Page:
Tis the season for giving great books as gifts

During the years I have been covering books for this newspaper I have cited books that could make good gifts. As we roll into December I have a few more gifting suggestions. Just a few. Here they are:

“Charlie’s Good Tonight: The Life, the Times, and the Rolling Stones: The Authorized Biography of Charlie Watts” by Paul Sexton (Harper, 344 pages, $27.99)

Charlie Watts was the elegant drummer for the Rolling Stones. He, along with the long-time Stones bassist Bill Wyman, were the quiet members of the group who provided a steady rhythm and backbeat that propelled the band into the rock stratosphere. Watts died recently and for a moment some might have wondered if this could really be it, a signal that it was time for the Stones to finally retire. But no, Mick Jagger and Keith Richards, the mainstays, just keep on going.

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Mick and Keith have written forwards to this authorized recounting of Charlie’s life. Richards wrote: “Charlie’s humor was incredibly dry and understated, but I knew certain key words, which I’m not going to release. I didn’t do it often, but there were a couple of words I could say that if he was in the middle of an airport, he would lie down and start laughing with his legs in the air.” This book is a must read for Stones fans.

Credit: Contributed

Credit: Contributed

“Clive Barker’s Dark Worlds” by Phil and Sarah Stokes (Cernunnos, 350 pages, $50).

Clive Barker is our great master of fantasy and horror. This massive coffee book is a profusely illustrated chronological homage to the author by two of his long-time associates. It is jammed with Barker’s art, movie memorabilia, and assorted curios. In Barker’s afterword he writes: “I very much hope this diverse collection of plots and plans and inexhaustible, unextinguishable ambitions, will keep us together, making pictures and movies and books.”

Credit: Contributed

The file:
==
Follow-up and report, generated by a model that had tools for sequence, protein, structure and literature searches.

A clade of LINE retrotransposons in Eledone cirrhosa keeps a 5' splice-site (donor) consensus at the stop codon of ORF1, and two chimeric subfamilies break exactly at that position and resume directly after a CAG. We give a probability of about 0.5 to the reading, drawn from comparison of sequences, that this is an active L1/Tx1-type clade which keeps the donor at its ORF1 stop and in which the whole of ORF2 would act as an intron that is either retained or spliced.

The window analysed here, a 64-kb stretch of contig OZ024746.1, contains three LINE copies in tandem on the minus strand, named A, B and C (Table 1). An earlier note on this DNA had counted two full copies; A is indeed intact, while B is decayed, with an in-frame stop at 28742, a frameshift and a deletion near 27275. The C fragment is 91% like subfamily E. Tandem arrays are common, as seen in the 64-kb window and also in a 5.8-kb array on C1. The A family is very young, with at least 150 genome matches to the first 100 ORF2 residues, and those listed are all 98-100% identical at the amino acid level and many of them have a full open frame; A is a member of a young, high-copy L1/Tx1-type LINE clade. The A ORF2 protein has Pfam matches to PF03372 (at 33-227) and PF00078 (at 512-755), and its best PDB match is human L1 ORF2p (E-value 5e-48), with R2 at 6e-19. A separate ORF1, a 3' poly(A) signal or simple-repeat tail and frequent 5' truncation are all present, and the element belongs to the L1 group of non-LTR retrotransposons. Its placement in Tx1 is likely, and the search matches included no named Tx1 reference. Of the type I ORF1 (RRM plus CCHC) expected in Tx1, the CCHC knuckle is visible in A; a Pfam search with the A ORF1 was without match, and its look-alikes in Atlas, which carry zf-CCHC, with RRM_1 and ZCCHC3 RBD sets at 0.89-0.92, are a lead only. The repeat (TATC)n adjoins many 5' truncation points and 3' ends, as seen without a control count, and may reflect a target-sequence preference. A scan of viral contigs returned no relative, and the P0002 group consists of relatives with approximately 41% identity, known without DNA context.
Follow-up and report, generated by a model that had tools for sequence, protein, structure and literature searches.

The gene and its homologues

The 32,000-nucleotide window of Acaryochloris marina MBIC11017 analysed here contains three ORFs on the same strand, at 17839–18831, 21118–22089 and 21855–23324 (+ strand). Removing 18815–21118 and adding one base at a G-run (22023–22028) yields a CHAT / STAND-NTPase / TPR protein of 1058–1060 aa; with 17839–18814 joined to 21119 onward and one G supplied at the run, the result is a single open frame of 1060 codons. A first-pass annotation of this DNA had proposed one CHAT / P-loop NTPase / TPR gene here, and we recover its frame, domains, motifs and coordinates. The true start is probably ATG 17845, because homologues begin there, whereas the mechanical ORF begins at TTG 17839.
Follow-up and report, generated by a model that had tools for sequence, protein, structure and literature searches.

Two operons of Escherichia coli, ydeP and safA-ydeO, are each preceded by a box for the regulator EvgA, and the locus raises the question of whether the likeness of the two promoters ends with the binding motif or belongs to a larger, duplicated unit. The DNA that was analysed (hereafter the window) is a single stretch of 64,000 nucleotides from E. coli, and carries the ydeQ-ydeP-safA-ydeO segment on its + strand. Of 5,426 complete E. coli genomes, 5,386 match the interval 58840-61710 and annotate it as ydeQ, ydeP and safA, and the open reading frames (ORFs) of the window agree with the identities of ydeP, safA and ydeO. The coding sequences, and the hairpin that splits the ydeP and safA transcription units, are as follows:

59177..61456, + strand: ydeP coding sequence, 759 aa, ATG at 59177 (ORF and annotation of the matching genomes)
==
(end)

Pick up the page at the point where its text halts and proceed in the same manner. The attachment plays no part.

Credit: Contributed

“Revolution, the History of Turntable Design” by Gideon Schwartz (Phaidon, 264 pages, $89.95)

During the late 1980s vinyl record albums were supplanted by the compact disc. Almost four decades later CDs have been supplanted by downloads and vinyl has made a massive comeback. Turntables, the instruments for playing records, have made a comeback as well.

In “Revolution, the History of Turntable Design” Gideon Schwartz gives readers the fascinating history of turntable designs along with over 300 images. If you know anyone who is into spinning vinyl this book will blow them away. It is the epitome of turntable porn.

Credit: Contributed

Credit: Contributed

“The Philosophy of Modern Song” by Bob Dylan (Simon and Schuster, 340 pages, $45).

In these 60 plus essays Bob Dylan writes about the songwriting process and analyzes superb songs by amazing artists. Here’s a random sample: “My Generation” by The Who, “Truckin’” by the Grateful Dead, “Ruby, Are You Mad?” by the Osborne Brothers, “Blue Moon” by Dean Martin, and “El Paso” by Marty Robbins.

When I moved to Yellow Springs I walked into a bicycle shop and the owner was blasting Bob Dylan on the stereo. His name was John; he really dug Dylan. We became friends. John died 10 years ago. I wish I could give him this book. Don’t miss opportunities to give great books as gifts.

Vick Mickunas of Yellow Springs interviews authors every Saturday at 7 a.m. and on Sundays at 10:30 a.m. on WYSO-FM (91.3). For more information, visit www.wyso.org/programs/book-nook. Contact him at vick@vickmickunas.com.

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